Uploaded by andrewsandon on Nov 13, 2006
The managing director of the Four –X Company is concerned about the implications concerning the issues mentioned below. As a legal advisor, I have been asked to address the issues in terms of research and analysis of GATT/WTO principles and structure. My purpose is to advise the Four-X company on the action that the country of Fargo may take against the country of Narnia under GATT/WTO Law, specifically, whether it can challenge the Designer Tax.
I think that the Four – X company does can challenge the Designer Tax, because it is was introduced in contradiction with the theories of international trade. Besides, the government of the country of Narnia did not have the sovereignty to impose this tax on imported products, and ignore it with similar products produced locally.
In this paper I am going to discuss the concepts of international trade and the implications of corresponding law in order to find the appropriate decision that could help the Four – X company to cope with the problem.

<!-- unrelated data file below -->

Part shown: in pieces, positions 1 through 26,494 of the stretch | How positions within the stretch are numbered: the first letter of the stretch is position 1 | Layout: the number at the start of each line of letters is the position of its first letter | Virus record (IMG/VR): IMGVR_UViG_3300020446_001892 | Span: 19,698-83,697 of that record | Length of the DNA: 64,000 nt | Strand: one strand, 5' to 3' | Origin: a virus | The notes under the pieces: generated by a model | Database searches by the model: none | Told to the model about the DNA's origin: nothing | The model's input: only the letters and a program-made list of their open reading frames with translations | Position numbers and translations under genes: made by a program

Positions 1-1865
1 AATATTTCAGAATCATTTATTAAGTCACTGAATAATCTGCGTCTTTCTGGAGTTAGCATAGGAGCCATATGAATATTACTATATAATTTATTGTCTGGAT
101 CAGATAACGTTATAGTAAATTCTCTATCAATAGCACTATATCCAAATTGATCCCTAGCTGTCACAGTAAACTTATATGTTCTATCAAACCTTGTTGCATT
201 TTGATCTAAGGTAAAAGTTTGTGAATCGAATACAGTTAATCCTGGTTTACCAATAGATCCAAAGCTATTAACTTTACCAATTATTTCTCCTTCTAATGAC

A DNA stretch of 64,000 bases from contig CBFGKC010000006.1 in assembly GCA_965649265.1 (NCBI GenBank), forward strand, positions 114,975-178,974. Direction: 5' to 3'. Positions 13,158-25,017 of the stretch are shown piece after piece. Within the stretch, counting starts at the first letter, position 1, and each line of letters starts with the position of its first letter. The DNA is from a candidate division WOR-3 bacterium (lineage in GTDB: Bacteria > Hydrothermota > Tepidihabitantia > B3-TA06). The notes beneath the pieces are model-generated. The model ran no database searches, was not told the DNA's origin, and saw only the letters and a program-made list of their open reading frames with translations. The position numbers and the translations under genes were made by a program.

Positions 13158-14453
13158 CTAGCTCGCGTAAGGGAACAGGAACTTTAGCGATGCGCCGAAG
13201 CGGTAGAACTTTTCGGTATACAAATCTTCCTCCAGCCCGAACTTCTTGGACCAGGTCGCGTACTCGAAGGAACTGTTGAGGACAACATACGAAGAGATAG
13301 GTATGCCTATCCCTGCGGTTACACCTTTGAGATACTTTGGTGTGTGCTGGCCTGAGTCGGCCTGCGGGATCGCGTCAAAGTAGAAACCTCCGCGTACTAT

Theories other than comparative advantage have been advanced to explain why nations trade. During the past twenty years, a new trade theory has been hypothesized by economists. The new position is referred to as the theory of increasing returns. This term is short for “increasing returns to scale” and is synonymous with “economies of scale.” 1 This theory holds that trade happens in order to take advantage of economies of scale. Industries in two trading countries can achieve lower unit costs by producing large volume and spreading the high start-up expenses over the entire volume produced. If the countries did not trade with each other and relied on the domestic markets only, they might not be able to reach the highest level of scale economies. International trade will result in the volume, which will produce greater economies of scale.
Such a theory explains why nations trade the same product with each other. Location results in the higher economies of scale. For example, the Japanese and the United States trade automobiles with each...